What is enmeshment trauma?
Family enmeshment is a topic which may not be brought up much but exists, you may also wonder if it is something you’ve previously experienced or feel as though you may be living through it without the realisation of its effects.
So, what is family enmeshment? family enmeshment is when both clear roles and boundaries either don’t exist or are lacking throughout a family unit, and those living within one typically have low levels of isolation. Family enmeshment surrounds having high levels of interaction but extremely low levels of distance, both physically and emotionally. Though most people hope to have a close family, there can still be too much of a “wholesome” thing, potentially heading towards enmeshment trauma.
Childhood emotional trauma has always been linked to neglect, yet the opposite of this is that being “too” close can lead to enmeshment trauma. An example of this can be a child who has been taking on the caring responsibility of a parent and their emotional needs, this is classed as them being emotionally “parentified”, this may look like a parent explaining their issues to their child and expecting them to take their side over the other parent.
The signs of enmeshment trauma
These are the signs you might see in yourself or others dealing with enmeshment:
o Assuming the child will always be their parents’ best friend
o Parents: also classed as “helicopter parents” can be excessively involved in their child’s life to the point of not allowing them to develop by themselves
o Very low levels of privacy between the parent and child emotionally
o The child being praised or rewarded for not resisting the enmeshment
o The parent assuming that the child will always be the one to give them emotional support.
What are the effects of enmeshment trauma?
Enmeshment trauma can end up leading to a range of long-term mental health effects;
Little self esteem
The first and most common sign from growing up in an enmeshed family is low self esteem, because a child has relied deeply on parental approval, this manifests in adulthood with a lack of confidence within ones self and decisions for fear of judgement.
Difficulty in building a relationship
Difficulty in relationships is common for those who have delt with enmeshment trauma as they struggle with forming and sustaining both romantic relationships or friendships. Being used to the smothering of a parent may lead them to expect the same emotional demands from their friend or partner or another extreme can be that they seek out the role of a caregiver again, continuing the cycle they learnt from their childhood.
Those who were raised in an enmeshed family may fear the idea of conflict, as it wasn’t emotionally safe for them to disagree with their parents during their childhood and while growing up and so they expect that disagreeing with a person as an adult will not be safe for them either.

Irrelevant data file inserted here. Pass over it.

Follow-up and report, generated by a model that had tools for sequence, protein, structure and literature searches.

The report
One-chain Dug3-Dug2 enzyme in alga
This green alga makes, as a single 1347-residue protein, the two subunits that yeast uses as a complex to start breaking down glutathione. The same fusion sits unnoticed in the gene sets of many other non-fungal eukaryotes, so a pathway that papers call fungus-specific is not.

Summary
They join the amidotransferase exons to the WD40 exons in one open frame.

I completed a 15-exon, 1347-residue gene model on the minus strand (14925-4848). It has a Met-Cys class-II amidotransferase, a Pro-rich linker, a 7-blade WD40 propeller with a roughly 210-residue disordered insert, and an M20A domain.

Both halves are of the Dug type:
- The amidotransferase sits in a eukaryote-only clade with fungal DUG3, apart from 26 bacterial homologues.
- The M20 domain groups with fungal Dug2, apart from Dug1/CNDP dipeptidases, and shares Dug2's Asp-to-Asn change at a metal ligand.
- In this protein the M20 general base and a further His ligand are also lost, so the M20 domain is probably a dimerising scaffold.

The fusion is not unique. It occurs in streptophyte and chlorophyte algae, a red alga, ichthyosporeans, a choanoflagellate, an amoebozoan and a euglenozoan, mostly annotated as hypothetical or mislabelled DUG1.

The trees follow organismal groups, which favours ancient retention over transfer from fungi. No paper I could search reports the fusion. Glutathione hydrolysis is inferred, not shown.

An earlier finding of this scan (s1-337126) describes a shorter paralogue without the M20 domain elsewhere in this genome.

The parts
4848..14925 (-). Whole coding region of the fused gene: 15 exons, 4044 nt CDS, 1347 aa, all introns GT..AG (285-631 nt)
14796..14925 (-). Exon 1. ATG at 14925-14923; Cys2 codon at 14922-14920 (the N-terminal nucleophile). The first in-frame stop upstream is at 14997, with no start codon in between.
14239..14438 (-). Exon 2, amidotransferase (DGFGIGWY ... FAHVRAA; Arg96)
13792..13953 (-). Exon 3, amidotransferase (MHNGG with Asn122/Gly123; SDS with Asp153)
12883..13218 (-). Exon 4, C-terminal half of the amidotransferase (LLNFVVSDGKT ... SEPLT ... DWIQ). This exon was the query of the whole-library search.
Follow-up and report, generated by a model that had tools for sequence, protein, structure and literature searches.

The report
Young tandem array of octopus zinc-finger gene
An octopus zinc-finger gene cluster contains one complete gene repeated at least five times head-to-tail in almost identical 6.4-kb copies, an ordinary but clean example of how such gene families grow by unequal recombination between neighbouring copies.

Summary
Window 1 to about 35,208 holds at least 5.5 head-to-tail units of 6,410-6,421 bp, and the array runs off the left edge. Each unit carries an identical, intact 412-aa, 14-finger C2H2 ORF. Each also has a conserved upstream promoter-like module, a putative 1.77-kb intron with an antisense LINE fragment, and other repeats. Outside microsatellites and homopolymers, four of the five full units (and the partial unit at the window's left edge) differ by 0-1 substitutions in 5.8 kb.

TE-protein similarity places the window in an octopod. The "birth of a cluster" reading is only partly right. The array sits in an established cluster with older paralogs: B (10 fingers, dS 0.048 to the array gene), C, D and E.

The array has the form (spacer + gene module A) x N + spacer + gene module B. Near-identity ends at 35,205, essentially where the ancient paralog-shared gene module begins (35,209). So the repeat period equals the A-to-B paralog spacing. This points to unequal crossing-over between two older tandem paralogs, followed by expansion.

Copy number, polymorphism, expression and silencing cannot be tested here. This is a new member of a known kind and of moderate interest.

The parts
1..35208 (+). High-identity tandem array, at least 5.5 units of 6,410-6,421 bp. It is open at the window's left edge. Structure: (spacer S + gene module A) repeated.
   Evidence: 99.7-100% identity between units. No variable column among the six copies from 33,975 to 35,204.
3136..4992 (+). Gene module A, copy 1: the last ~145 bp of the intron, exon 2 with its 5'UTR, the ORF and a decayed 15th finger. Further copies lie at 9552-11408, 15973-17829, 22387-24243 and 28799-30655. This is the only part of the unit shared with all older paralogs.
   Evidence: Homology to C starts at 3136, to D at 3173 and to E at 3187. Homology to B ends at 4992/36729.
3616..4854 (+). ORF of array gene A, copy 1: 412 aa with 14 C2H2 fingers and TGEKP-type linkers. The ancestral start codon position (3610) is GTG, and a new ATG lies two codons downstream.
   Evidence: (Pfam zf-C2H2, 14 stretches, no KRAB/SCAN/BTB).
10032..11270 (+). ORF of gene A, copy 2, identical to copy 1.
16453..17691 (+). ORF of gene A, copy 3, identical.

Lack of self identity
Part of enmeshment is doing what you can to always keep others happy and so someone who may be suffering from this may know how to do all the right things to please people but also have no idea on what is actually beneficial to them.
Basing your life off what your parents think is best for you, for example your career, partner or where you live will make it more difficult for you as a person to know who you really are without them.
It’s time to heal
The good news is that it is never too late to recover from enmeshment trauma. Though it may sound scary at first it will be worth it. Here are tips that will help you in finding your own way after growing up in an enmeshed family.
Boundaries will now be classed as your new best friend, a key characteristic of enmeshed families is a lack in boundaries.
Take action on how you are feeling when a family member has done something to effect your mood, for example being called consistently throughout your day, causing you to feel anger over the phone ringing.
This means opening up and vocalising this to your family members, though this may upset them and it may feel difficult for you at first, but you will know if it is the correct boundary for you if it allows you to feel lighter.
Enmeshment can become a form of comfort for you in some ways, because you become conditioned to making less decisions on your own and as a result, you may not have a sense of knowing yourself very well.
Date yourself, as though you would with a new partner. This can mean taking yourself on days out and trips maybe even a short trip abroad, understanding what makes you happy or sad and finding ways to enjoy your own company.
Seek professional help
It can be a lot to handle when coming to terms on changing unhealthy dynamics while also trying to change them. And sometimes working your way through it with the support of a therapist is more helpful as you may struggle to handle it alone.
Patience will always be key
It has taken a lifetime to build your current thought and behaviour repetitions and though it may not take a lifetime to undo them it won’t happen overnight, so be sure to be patient with yourself and your mind.
Patience is bitter, but its fruit is sweet - Jean-Jacques Rousseau
A word from Ambimind
It is likely your parents did their best to care for you in a way they knew, though some of those dynamics didn’t work out for you, it doesn’t make them bad people and it also doesn’t mean you had a bad childhood, it means you have found a different way in doing things for yourself and you should feel proud of wanting to change this.